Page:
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Can the human brain track an accelerating object?

By track I mean change your focus in real-time such that the accelerating object appears in focus.

Is the answer 'no' because accelerating objects aren't predictable? (The brain would have to be able to compute acceleration in real time. If it can't track something then wouldn't that be a state a panic resulting in triggering threat detection.

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put on hold as off-topic by Bryan Krause, Steven Jeuris Apr 16 at 20:05

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    $\begingroup$ What's the basis of this question? The answer is obviously and uninterestingly "yes" - if we couldn't, roadways would be extremely more dangerous, any sport with a ball would be impossible, etc. Computing acceleration in real time isn't particularly difficult, why is that an issue? What does any of this have to do with "threat detection"? What would threat detection have to do with not being able to track something? $\endgroup$ – Bryan Krause Apr 16 at 16:08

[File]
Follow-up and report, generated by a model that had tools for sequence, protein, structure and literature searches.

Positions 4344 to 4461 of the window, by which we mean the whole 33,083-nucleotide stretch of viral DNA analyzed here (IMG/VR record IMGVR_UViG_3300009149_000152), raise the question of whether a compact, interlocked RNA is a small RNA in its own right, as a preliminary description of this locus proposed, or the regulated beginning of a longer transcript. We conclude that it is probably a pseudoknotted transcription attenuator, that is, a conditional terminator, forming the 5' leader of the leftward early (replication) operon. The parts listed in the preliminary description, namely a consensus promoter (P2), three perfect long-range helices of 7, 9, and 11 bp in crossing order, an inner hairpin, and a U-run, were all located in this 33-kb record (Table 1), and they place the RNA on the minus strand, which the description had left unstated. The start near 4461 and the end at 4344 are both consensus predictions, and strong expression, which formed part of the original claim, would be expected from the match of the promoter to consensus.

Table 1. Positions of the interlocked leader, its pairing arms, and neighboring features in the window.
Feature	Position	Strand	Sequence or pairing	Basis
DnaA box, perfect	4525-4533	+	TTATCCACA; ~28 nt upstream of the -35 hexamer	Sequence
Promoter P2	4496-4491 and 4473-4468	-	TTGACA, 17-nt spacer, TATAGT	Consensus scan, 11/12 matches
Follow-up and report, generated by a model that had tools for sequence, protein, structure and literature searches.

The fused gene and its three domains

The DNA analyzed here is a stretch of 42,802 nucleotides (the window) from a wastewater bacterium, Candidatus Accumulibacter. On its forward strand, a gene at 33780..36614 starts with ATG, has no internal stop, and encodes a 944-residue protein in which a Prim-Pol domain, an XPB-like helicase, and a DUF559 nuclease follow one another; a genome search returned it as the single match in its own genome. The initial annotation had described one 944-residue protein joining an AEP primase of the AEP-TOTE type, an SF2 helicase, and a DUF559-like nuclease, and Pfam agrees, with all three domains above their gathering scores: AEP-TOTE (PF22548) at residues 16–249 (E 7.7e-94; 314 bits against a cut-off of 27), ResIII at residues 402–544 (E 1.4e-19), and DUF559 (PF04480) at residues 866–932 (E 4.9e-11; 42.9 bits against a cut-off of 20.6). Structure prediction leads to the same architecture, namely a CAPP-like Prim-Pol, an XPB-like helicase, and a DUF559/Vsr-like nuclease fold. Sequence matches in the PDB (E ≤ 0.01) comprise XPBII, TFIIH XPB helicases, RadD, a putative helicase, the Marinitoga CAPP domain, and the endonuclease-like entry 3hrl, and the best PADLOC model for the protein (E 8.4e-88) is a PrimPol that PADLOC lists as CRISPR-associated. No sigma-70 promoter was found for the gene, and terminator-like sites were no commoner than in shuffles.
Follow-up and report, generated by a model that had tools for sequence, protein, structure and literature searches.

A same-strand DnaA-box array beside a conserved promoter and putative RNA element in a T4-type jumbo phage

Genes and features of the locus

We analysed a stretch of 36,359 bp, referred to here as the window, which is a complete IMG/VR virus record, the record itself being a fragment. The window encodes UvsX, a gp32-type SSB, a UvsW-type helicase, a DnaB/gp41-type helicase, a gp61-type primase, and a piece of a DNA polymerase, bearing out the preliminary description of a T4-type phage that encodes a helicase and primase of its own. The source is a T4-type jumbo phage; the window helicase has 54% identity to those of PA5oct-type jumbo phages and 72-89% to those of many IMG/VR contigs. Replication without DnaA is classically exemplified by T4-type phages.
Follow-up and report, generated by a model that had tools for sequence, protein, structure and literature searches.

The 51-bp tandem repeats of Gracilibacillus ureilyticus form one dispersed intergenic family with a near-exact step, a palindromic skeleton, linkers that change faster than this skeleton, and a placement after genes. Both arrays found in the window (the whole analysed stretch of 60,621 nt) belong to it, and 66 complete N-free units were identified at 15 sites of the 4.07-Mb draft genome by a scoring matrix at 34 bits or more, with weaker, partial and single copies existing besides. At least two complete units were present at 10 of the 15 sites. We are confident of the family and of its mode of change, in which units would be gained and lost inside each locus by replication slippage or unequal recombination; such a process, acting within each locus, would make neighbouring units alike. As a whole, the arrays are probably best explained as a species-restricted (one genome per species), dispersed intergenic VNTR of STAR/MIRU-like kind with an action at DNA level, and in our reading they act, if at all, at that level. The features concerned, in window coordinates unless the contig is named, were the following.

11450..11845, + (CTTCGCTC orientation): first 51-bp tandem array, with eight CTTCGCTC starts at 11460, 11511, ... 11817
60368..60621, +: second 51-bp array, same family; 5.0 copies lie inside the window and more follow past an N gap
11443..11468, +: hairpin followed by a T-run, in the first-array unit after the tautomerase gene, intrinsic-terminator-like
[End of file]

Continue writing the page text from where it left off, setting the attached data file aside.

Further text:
• $\begingroup$ What would be the reaction if you couldn't track something? (What other reaction would there be but threat detection?) $\endgroup$ – Randy Zeitman Apr 16 at 17:17
  • $\begingroup$ What do you even mean by "couldn't track"? $\endgroup$ – Bryan Krause Apr 16 at 17:19
  • $\begingroup$ What would be the reaction if you couldn't track something? (What other reaction would there be but threat detection?) I've attempted to clarify the question. Sports are certainly possible without having full-focus on the ball. I play tennis ... even when the ball is close it appears as a blur - it's not necessary to have the ball in full-focus to accurately infer its path. $\endgroup$ – Randy Zeitman Apr 16 at 17:24
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    $\begingroup$ Do you think something besides your brain is inferring that path? Sounds like "tracking" to me. If you're thinking about something accelerating towards your face, yeah, that would be detected as a threat: because you are tracking an object coming towards your face, not because you are "not tracking" it. I still don't understand what your question is trying to get at, and I suspect you may have an XY problem here where you have an actual underlying question that is not explicitly stated in your question. $\endgroup$ – Bryan Krause Apr 16 at 17:26

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